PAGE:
Temporal patterns in the soundscape of the shallow waters of a Mediterranean marine protected area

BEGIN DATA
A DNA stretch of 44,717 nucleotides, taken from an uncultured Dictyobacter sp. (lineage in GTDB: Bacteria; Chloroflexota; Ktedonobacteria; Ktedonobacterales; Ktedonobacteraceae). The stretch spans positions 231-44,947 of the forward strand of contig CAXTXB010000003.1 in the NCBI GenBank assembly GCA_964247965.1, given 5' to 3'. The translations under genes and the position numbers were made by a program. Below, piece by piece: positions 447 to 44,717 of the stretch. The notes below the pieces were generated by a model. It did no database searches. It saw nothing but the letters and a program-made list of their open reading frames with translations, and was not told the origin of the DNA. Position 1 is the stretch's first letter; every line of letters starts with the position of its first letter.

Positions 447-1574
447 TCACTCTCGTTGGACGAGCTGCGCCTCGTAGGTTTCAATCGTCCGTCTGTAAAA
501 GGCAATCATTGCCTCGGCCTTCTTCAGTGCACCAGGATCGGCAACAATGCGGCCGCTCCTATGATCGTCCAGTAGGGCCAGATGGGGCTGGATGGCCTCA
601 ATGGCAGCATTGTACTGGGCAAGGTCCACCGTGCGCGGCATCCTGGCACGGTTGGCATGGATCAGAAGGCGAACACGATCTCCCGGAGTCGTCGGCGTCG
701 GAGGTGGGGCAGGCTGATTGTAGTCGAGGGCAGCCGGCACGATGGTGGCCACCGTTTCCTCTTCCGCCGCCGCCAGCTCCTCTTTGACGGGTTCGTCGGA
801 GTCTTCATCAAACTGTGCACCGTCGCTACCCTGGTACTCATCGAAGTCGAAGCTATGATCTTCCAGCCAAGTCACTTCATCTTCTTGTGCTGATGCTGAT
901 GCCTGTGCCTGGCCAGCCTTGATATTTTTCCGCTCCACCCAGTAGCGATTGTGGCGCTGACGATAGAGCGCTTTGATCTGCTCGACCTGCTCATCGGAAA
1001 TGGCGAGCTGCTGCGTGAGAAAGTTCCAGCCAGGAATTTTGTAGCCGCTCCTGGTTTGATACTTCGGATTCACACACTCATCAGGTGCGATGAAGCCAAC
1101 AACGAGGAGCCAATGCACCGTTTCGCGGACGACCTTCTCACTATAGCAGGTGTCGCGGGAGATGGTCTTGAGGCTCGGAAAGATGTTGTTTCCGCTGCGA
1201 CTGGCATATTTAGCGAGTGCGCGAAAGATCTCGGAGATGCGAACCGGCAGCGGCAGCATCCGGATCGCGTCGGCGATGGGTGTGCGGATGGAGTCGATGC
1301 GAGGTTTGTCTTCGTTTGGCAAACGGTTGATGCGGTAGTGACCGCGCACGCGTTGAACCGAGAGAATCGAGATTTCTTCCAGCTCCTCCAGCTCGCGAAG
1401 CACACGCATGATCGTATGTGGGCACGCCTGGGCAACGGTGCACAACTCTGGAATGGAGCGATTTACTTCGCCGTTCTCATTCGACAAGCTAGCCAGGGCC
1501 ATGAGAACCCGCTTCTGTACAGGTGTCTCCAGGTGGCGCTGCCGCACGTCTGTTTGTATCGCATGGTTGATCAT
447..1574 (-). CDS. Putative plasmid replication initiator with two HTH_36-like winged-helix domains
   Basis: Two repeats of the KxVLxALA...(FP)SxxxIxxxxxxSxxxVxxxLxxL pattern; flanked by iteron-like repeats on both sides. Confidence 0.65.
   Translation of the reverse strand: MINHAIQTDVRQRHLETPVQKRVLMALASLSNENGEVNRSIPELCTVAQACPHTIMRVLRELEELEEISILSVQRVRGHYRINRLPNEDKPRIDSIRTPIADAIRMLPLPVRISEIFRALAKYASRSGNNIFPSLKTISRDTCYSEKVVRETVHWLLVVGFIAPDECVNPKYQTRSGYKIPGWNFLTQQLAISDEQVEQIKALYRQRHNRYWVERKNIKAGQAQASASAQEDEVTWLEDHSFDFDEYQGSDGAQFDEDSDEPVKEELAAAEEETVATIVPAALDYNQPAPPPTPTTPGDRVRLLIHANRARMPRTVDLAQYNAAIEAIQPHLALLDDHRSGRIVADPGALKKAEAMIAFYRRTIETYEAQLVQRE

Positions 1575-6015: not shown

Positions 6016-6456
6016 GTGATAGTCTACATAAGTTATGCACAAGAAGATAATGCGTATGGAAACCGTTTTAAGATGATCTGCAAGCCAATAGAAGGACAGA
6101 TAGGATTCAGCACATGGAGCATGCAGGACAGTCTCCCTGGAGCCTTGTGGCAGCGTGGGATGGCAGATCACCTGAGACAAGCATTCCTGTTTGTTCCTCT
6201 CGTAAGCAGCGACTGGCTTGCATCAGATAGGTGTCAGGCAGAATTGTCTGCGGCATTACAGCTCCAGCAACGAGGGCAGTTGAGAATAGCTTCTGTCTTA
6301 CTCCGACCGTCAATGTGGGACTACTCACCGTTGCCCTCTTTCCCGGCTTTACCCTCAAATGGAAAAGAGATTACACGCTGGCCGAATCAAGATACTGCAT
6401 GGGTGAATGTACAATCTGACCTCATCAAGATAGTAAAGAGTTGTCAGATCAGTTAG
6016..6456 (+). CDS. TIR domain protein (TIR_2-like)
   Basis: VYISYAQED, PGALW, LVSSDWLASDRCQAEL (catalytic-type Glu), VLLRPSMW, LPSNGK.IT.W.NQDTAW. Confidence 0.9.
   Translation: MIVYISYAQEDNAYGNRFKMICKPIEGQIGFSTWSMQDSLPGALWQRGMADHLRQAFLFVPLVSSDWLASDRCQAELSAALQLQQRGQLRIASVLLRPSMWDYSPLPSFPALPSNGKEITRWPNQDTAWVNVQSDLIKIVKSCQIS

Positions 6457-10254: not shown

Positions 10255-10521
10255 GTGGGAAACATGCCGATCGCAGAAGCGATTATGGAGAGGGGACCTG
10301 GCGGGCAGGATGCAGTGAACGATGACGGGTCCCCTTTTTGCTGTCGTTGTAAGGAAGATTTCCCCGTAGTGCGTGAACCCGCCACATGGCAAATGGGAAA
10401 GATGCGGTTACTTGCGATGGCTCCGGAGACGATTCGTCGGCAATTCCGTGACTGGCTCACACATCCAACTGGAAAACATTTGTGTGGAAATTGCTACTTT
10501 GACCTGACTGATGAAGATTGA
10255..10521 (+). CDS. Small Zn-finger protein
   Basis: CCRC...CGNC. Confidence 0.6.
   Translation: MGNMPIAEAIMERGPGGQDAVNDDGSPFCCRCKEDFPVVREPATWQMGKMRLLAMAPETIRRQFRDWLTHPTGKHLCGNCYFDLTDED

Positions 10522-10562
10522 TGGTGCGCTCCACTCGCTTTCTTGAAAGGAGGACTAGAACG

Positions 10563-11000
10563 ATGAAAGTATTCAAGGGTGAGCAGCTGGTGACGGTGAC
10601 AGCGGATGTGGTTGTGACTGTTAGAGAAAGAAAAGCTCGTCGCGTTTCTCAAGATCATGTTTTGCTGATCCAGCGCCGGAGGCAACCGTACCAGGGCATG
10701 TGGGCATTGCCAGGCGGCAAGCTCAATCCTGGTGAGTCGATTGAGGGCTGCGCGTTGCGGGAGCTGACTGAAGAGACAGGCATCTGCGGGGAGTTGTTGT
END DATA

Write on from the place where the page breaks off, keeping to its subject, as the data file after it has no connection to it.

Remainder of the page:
The study of marine soundscapes is an emerging field of research that contributes important information about biological compositions and environmental conditions. The seasonal and circadian soundscape trends of a marine protected area (MPA) in the Mediterranean Sea have been studied for one year using an autonomous acoustic recorder. Frequencies less than 1 kHz are dominated by noise generated by waves and are louder during the winter; conversely, higher frequencies (4–96 kHz) are dominated by snapping shrimp, which increase their acoustic activity at night during the summer. Fish choruses, below 2 kHz, characterize the soundscape at sunset during the summer. Because there are 13 vessel passages per hour on average, causing acoustic interference with fish choruses 46% of the time, this MPA cannot be considered to be protected from noise. On the basis of the high seasonal variability of the soundscape components, this study proposes a one-year acoustic monitoring protocol using the soundscape methodology approach and discusses the concept of MPA size.